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Brad325 05-02-2009 07:13 PM

help! with electric outlet
 
earlier i replaced an electric outlet with the same one, only new. I have two sets of wires coming in, both have black, white and ground. I connected the black wires to the hot/brass screws and the white wires to the silver screws and grounds to each other and to the green screw. I turned back on the power and i keep tripping the circuit breaker. I did not take a pic or write down how the wires were initially connected. This outlet is connected to a wall switch, but i did not touch that at all, please help!

williswires 05-02-2009 07:24 PM

You have wired it correctly. Check to see if one of your bare ground wires is contacting one of the hot screw terminals, which can happen as you push the receptacle back into the box.

qbert 05-02-2009 08:23 PM

did you remove the tabs between the plugs? one is constant hot one is switched.

HouseHelper 05-02-2009 08:24 PM

Quote:

Originally Posted by Brad325 (Post 268503)
earlier i replaced an electric outlet with the same one, only new. I have two sets of wires coming in, both have black, white and ground. I connected the black wires to the hot/brass screws and the white wires to the silver screws and grounds to each other and to the green screw. I turned back on the power and i keep tripping the circuit breaker. I did not take a pic or write down how the wires were initially connected. This outlet is connected to a wall switch, but i did not touch that at all, please help!

If this is connected to a switch, then one of the sets of wires is a switch leg and you have connected it so it generates a dead short. You will need to determine which black wire is hot and which is from the switch. Do you want the entire receptacle switched or just half?

Silk 05-02-2009 08:29 PM

Quote:

Originally Posted by williswires (Post 268506)
You have wired it correctly. Check to see if one of your bare ground wires is contacting one of the hot screw terminals, which can happen as you push the receptacle back into the box.


No, he didn't wire it correctly. It is connected to a wall switch. One cable is the incoming power, the other cable is the switch leg, when he turns on the wall switch the black and white are connected at the switch, thus creating a direct short between the hot and neutral.

You need to find out which cable is which, then decide if you want the whole duplex rec. switched or only half, then find a wirenut, ect,ect, ect...........................................

Silk 05-02-2009 08:30 PM

I guess I was a little late.

williswires 05-02-2009 11:45 PM

Quote:

Originally Posted by Silk (Post 268527)
No, he didn't wire it correctly. It is connected to a wall switch. One cable is the incoming power, the other cable is the switch leg, when he turns on the wall switch the black and white are connected at the switch, thus creating a direct short between the hot and neutral.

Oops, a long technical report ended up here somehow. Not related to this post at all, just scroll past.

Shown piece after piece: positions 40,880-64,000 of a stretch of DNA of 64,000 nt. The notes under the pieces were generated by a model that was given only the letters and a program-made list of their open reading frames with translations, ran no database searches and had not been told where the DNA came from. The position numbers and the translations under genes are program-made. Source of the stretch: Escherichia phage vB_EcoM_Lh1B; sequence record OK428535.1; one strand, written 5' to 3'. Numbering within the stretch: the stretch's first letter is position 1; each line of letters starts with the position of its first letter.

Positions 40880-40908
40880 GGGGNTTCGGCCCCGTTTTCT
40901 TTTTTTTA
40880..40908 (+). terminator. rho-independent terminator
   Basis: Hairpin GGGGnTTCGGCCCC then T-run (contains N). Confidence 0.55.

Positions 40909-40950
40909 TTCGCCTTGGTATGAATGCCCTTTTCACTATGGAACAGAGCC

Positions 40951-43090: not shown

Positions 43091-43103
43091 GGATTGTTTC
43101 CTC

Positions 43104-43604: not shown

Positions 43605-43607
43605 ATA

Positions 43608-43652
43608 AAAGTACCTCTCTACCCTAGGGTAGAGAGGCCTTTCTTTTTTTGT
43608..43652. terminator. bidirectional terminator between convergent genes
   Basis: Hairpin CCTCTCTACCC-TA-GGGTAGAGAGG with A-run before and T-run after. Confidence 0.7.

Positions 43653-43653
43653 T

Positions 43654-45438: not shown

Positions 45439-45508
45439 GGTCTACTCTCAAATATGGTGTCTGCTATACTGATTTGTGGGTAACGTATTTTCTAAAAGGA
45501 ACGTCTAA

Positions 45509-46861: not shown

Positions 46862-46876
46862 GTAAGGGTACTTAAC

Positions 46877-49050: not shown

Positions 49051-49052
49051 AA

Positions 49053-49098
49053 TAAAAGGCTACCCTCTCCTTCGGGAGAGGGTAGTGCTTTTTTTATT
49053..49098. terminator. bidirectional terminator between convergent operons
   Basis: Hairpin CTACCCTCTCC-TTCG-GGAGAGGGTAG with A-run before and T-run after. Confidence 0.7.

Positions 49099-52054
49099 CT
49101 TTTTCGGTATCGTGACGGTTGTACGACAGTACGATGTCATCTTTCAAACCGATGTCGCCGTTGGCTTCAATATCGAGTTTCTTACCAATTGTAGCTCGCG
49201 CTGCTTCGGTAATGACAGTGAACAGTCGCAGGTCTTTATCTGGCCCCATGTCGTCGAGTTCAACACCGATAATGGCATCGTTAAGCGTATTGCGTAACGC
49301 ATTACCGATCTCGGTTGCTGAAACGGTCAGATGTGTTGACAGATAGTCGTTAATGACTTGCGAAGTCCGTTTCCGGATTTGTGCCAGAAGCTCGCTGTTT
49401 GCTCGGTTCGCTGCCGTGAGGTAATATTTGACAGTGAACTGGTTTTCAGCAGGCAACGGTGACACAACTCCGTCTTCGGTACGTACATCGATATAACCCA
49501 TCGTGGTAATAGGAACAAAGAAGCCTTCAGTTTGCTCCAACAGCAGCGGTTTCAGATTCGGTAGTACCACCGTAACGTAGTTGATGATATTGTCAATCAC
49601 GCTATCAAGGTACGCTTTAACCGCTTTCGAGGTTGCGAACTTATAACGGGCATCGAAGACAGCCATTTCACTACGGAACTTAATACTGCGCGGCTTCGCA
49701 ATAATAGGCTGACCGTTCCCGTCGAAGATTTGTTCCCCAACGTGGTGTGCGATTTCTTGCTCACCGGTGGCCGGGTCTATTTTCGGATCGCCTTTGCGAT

You need to find out which cable is which, then decide if you want the whole duplex rec. switched or only half, then find a wirenut, ect,ect, ect...........................................

Yep, you're right. Sorry, he wired it correctly only if the switch wasn't there. Missed that part. :wink:

Brad - were both parts of the receptacle controlled by the switch?
Was one of the white wires painted black at the end?

For both to be switched:
1. Do not remove the tabs on the sides of the receptacle.
2. Determine the incoming power cable.
3. Connect the white wire from the incoming cable to one of the silver screws on the receptacle. This provides the neutral for your receptacle.
4. Connect the two blacks together using a wire nut (this would have been done already for your old receptacle). This sends the incoming power to the switch for control.
5. Using a black marker or electrical tape, color the end of the other white wire and connect it to one of the brass screws. This brings the incoming switched power back to the receptacle .


For one half to be switched:
1. Break off the tab on the hot side of the receptacle only. This is the side with the brass screws.
2. Determine the incoming power cable.
3. Connect the white wire from the incoming cable to one of the silver screws on the receptacle. This provides the neutral for both of your receptacles.
4. Connect the two blacks and a black pigtail together using a wire nut. Attach the pigtail to the brass screw on the half of the duplex receptacle that you want to be always hot.
5. Using a black marker or electrical tape, color the end of the other white wire (attached to the switch) and connect it to the brass screw of the half of the duplex that you want controlled by the switch.

theatretch85 05-03-2009 12:01 AM

Usually we make the white wire marked black the wire that supplies power to the switch, so that the outlet or light does not have 2 white wires attached to it. Also, I believe by code the white wire must be permanently marked black, I don't think black electrical tape is considered code, but its what I have seen most often done.


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